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Thursday, 23 March 1972
Page: 900

Senator WILLESEE (Western Australia) - I will take the lead from Senator Young and be brief, too. Recently, particularly this week, many questions have been asked and many innuendoes have been made about the meeting of the Federal Executive of the Australian Labor Party that was held in Adelaide last week.

Senator Rae - Tell us what happened.

Senator WILLESEE - I have no intention of telling the honourable senator what happens within the confines of the Labor Party, just as he will not tell me what has happened in Tasmania and the South Australian Government senators will not tell me what has happened and what is happening in that State. I respect their views in that regard. I wish to say one or two things to help my young colleague. Let me say in passing that I regret very much that our young friend from South Australia, Senator Jessop, has come into this place and chosen to speak at the level at which he does. I like to see young members come here. I like to see them apply themselves to what is a grand opportunity to do something for Australia. But, when this young man gets into his muck-raking, I genuinely say to him that I feel very sorry and I make an appeal to him to lift himself out of that.

Senator Douglas McClelland (NEW SOUTH WALES) - Are you talking about Senator Greenwood?

Senator WILLESEE - I have appealed to Senator Greenwood. From time to time he listens to me, and from time to time, I am afraid, he does not. The Federal Executive meeting has been described as being an unusually quiet one. I do not know how honourable senators opposite know about it. I am one of the 2 members of this chamber who are members of the Federal Executive and I assure honourable senators opposite that it was not unusually quiet. It was par for the course and, for a Federal Executive meeting, that is not unusually quiet. The other thing honourable senators opposite keep saying is that we dodged this issue or that issue. Let me explain to them that the Federal Executive is not the policy making body of the Australian Labor Party.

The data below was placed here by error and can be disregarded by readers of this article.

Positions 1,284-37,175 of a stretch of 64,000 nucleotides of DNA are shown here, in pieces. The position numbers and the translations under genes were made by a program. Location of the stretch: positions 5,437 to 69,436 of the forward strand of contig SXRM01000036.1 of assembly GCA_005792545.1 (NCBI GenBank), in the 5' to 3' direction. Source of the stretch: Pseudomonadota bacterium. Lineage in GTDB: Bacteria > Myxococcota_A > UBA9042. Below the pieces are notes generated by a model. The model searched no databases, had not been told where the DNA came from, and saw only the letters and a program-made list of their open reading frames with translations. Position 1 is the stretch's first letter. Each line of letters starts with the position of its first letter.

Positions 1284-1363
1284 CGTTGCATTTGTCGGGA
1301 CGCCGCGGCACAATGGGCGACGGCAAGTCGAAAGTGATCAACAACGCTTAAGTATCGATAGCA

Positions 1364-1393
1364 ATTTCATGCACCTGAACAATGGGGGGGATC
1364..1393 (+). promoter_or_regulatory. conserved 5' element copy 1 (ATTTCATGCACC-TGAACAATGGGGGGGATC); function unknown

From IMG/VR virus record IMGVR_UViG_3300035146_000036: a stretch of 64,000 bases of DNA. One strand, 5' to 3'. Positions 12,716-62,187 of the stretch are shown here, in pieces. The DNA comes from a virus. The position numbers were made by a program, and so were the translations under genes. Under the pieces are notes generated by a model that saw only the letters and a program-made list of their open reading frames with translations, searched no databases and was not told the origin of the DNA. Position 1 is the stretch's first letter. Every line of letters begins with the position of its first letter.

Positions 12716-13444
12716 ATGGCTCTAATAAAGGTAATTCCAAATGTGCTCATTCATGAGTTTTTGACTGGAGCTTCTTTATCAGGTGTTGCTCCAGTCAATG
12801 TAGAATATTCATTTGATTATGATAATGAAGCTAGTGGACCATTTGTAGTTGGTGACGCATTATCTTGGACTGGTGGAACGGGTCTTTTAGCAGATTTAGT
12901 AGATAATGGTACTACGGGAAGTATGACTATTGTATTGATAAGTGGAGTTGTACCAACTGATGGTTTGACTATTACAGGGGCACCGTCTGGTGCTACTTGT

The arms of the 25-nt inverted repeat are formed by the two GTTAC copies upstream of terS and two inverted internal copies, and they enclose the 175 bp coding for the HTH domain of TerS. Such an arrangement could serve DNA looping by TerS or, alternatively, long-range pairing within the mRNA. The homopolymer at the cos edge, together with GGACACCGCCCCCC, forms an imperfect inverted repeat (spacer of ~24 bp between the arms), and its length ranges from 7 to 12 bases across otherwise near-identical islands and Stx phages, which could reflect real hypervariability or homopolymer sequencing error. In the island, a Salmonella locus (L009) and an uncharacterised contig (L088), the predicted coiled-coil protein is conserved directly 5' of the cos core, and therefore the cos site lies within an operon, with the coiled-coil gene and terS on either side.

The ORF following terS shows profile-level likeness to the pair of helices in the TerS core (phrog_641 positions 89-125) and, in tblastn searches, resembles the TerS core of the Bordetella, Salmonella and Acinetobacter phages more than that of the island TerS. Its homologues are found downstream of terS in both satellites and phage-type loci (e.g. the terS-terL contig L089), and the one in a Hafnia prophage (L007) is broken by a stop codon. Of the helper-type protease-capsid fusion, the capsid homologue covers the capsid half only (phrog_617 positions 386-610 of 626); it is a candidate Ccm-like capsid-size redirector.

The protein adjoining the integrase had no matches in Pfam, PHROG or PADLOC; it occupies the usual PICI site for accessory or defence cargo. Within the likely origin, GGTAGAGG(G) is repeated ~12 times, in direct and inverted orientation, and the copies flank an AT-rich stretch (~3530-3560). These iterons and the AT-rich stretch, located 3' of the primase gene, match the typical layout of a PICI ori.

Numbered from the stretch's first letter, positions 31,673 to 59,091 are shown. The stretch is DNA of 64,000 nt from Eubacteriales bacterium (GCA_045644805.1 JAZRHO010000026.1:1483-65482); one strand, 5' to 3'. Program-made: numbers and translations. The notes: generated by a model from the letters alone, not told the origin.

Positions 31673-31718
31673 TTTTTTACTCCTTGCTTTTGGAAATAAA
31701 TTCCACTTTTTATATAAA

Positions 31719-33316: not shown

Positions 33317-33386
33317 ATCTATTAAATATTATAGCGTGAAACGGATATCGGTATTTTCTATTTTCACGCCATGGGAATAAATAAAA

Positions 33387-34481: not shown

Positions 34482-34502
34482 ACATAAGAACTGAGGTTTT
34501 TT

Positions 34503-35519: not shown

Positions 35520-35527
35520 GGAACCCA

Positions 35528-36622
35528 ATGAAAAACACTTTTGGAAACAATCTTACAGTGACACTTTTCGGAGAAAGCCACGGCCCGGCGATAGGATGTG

Senator Webster - Who is?

Senator WILLESEE - The Federal Conference. I thought that even Senator Webster would know that. Let me make one correction: There are 4 members of this chamber who are members of the Federal Executive. I am sure that the other 3 will bear me out when I say that the meeting was not unusually quiet; it was par for the course - and those 2 statements are not incompatible with each other. The next point is that the agenda for our Federal

Executive meetings come from the constituent bodies of the Australian Labor Party. Senator Greenwood was counselling us to deal with things that he would put forward; but however important they might seem I must assure him, as well as Senators Young and Jessop and other people, that within the Australian Labor Party we do not deal with matters from outside the Party. If those honourable senators would like to join the Australian Labor Party and have matters put on the agenda we will deal with those matters.

Senator Rae - Tell us about Tasmania.

Senator WILLESEE - Be a little reasonable about this. The Liberal Party has problems in Tasmania and problems in South Australia and, brother, it has problems in Canberra. The Liberal Party will not have on its agendas matters coming from the Australian Labor Party or matters coming from outside the constituent bodies of the Party. When the Federal Executive of the Australian Labor Party meets about 4 times a year it deals with matters from constituent bodies of the Party. Whatever good advice we might receive or whatever matters others might like us to deal with, we will deal only with those things that come from the constituent bodies of our Party. If political parties want to go outside this method then God help party politics in Australia. Not one of our political parties - the Liberal Party, the

Labor Party or any other party - will allow itself to be run by propaganda, even on the eve of an election. The matters that we dealt with were things coming from our constituent bodies. It was not an unusually quiet meeting. In spite of my friend Senator Rae saying 'tell us what happened', I am not going to tell him what happened - it is not of his business. In the same way, it is none of my business what happens within the Liberal Party in Tasmania and none of by business what happens in the Liberal-Country League in South Australia. But it is my business when it comes to what is happening in the Liberal Party and Country Party in Canberra. I am looking forward to the verdict.

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